An album ​​​​​​​can decolonize.

Written by
Genesis Manyari, Effron Center for the Study of America
Oct. 11, 2023

The walls of Richardson Auditorium reverberated with  energy. The vibrance was unique and tangible, creating a welcoming space for students, faculty, and community members. On Thursday, September 19, 2023, the Effron Center for the Study of America hosted, “SOS : A Discussion on Race, Art, & Activism in America.”  The Princeton community was able to engage in a thought provoking dialogue with Solána Imani Rowe, also known as Grammy award winning artist, SZA. Solána was joined by esteemed scholars and activists, including political scientist, Megan Ming Francis, social justice lawyer, Derecka Purnell, and American historian, Elizabeth Hinton in a roundtable thoughtfully moderated by Effron Center for the Study of America Director and Olden Street Professor of American Studies, Aisha M. Beliso-De Jesús. The event served as  an act of activism and a source of healing, cultivating a transformative space where students of color could be seen, and women of color could lead. 

As the audience settled into their seats, an unspoken aura of respect permeated the room. It was as though all eight hundred audience members had committed to embracing the discussion with care. When Solána was warmly welcomed onstage by Professor Beliso-De Jesús,  the room erupted in love.  In an unguarded manner, Solána shed her blazer and heels to simply be with those in the room. This moment set the stage for the themes she would explore. She boldly discussed her early experiences of empowerment, fueled by her connection to nature and the humanities.  How her parents' social justice activism in New Jersey, and their celebration of pan-African heritage reinforced her belief that she was, “Black and special, and needed to be heard.” In leaving her hometown to launch her successful music career, she came to a poignant realization: the world and the industry’s inclination to view her differently as a Black woman, would shape the categories she was allowed to inhabit as an artist, but she did not have to let them pigeonhole her.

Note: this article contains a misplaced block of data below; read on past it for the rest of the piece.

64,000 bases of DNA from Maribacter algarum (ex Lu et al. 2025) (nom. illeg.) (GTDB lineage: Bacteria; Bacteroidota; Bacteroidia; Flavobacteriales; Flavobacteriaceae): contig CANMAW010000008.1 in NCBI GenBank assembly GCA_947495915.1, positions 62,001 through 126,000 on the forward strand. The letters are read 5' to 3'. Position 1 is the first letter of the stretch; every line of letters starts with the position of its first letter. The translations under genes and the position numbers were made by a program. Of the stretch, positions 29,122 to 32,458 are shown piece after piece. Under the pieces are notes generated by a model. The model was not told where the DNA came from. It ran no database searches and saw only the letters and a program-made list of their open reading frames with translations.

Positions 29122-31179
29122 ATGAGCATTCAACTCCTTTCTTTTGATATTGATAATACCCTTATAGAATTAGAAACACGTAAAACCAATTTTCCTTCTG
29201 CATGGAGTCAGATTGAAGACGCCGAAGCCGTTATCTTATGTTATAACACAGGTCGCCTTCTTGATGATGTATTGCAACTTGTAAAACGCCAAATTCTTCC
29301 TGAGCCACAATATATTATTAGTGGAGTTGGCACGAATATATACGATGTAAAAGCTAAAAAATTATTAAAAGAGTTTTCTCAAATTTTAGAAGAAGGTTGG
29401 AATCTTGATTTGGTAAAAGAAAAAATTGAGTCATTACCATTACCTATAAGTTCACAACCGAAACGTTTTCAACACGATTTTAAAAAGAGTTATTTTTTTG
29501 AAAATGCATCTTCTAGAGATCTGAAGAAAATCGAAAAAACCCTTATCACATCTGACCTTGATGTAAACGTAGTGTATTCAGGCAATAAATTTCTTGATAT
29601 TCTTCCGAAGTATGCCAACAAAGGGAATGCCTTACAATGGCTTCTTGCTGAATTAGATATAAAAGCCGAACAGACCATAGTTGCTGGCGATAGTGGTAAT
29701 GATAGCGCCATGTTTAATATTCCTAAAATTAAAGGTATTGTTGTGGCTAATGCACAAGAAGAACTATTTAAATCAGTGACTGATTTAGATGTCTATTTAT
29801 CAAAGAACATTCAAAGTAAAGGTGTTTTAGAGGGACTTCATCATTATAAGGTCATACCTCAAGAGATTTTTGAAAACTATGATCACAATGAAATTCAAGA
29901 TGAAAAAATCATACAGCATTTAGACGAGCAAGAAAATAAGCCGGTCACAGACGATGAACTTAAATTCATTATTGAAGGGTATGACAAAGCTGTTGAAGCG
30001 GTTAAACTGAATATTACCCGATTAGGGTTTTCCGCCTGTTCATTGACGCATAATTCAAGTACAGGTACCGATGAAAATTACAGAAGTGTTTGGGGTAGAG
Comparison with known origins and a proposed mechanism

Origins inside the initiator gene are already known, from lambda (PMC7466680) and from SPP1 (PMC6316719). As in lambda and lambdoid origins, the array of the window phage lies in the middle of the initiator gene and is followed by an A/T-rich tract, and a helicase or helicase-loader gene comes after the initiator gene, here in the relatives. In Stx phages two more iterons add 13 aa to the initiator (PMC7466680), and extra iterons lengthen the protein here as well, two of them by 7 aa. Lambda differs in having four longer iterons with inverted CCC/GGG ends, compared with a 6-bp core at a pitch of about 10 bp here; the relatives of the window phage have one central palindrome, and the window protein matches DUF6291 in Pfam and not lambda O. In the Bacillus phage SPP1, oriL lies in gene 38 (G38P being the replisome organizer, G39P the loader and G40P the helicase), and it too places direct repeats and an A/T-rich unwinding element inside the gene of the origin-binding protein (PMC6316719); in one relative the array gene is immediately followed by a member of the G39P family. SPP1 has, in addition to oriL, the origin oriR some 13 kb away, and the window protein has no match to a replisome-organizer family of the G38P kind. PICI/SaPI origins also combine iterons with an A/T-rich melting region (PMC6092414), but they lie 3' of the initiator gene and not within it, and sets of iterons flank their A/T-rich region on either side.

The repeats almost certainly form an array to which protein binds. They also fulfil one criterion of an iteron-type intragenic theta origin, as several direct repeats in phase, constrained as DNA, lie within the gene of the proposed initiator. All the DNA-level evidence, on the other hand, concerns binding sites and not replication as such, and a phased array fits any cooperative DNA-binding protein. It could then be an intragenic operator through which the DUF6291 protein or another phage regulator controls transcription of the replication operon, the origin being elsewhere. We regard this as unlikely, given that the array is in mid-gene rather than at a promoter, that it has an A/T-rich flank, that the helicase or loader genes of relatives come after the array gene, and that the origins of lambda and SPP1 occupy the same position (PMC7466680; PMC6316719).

This year alone, the world has seen SZA rise to the pinnacle of music streaming charts as one of the most prominent artists of this generation. Her much anticipated second album, SOS, made a significant impact, dominating the Billboard 200 charts for ten non-consecutive weeks. Only one of eight albums have ever achieved such a feat, a testament to the extraordinary influence and connection SZA holds with her fans. Despite her undeniable talent and relentless efforts however, she acknowledges that there is still so much work to be done. Sharing with us that she had just received six award nominations this year but only took home one, specifically in the R&B genre, Solána openly discussed the constraints that Black women face. In comparison to her white counterparts, SZA isn’t afforded the ability to be seen as a multifaceted artist. This brought her to the point of SOS, what she described as a cry of resistance.  “In a way that is my act of activism, screaming anyway,” she told the captive audience.

During the event,  Solána graced us with her voice, leading the entire audience through an impromptu rendition of her hit song, “Kill Bill.'' It was an unforgettable and cherished moment. The roundtable then proceeded with a conversation about how to nurture and create spaces for Black women. In a beautiful moment of recognition, the esteemed scholars agreed that the knowledge Solána had shared earlier, should be acknowledged as valuable in academia.  The scholars discussed their own experiences of exclusion. Princeton alum, Megan Ming Francis, shed light on how when she was a student here it was difficult to find safe spaces for Black women. The panel discussed  the need to affirm  a deep commitment to ensuring such spaces continue to be forged through daily study, practice, and understanding. 

Elizabeth Hinton's response noted that the event itself served as both an answer and a demonstration of the  possibility of allowing women of color to take center stage. Derecka Purnell emphasized the power of art in envisioning and shaping these spaces. Megan Ming Francis closed by highlighting the essential bridge between political movements and art, “political education cannot exist without art and activism.” Overall, the event was a  collective experience of liberation and healing on campus. In response to Solána’s assertion that she knows an album cannot undo the capitalist patriarchal world system, Professor Beliso-De Jesús responded, “I think you’ve just  shown how a song can decolonize colonial infrastructures.” 

In one last amazing moment, before leaving the stage, the audience rushed the stage, showering Solána with love and gratitude. She responded by accepting a students’ phone handed to her, turning to include herself with her fans, and taking a collective selfie photograph with the assembled guests. She also promised Princeton students with complimentary tickets to her upcoming concert in Newark, New Jersey. True to her word, Solána provided the Effron Center tickets to distribute. On October 1, 2023, the Effron Center took a bus full of Princeton students to Newark joining together with the hundreds of thousands of other concert goers to witness her SOS liberation music in practice. After the concert, Princeton attendees expressed their gratitude to Solána  through photos, videos, and messages, which the Effron Center compiled into a memory booklet and presented to her on behalf of our community. In response, Solána shared a heartfelt video, underscoring the deep impact our event and sentiments had on her. This experience marks an important example of how art and activism connects and transforms America.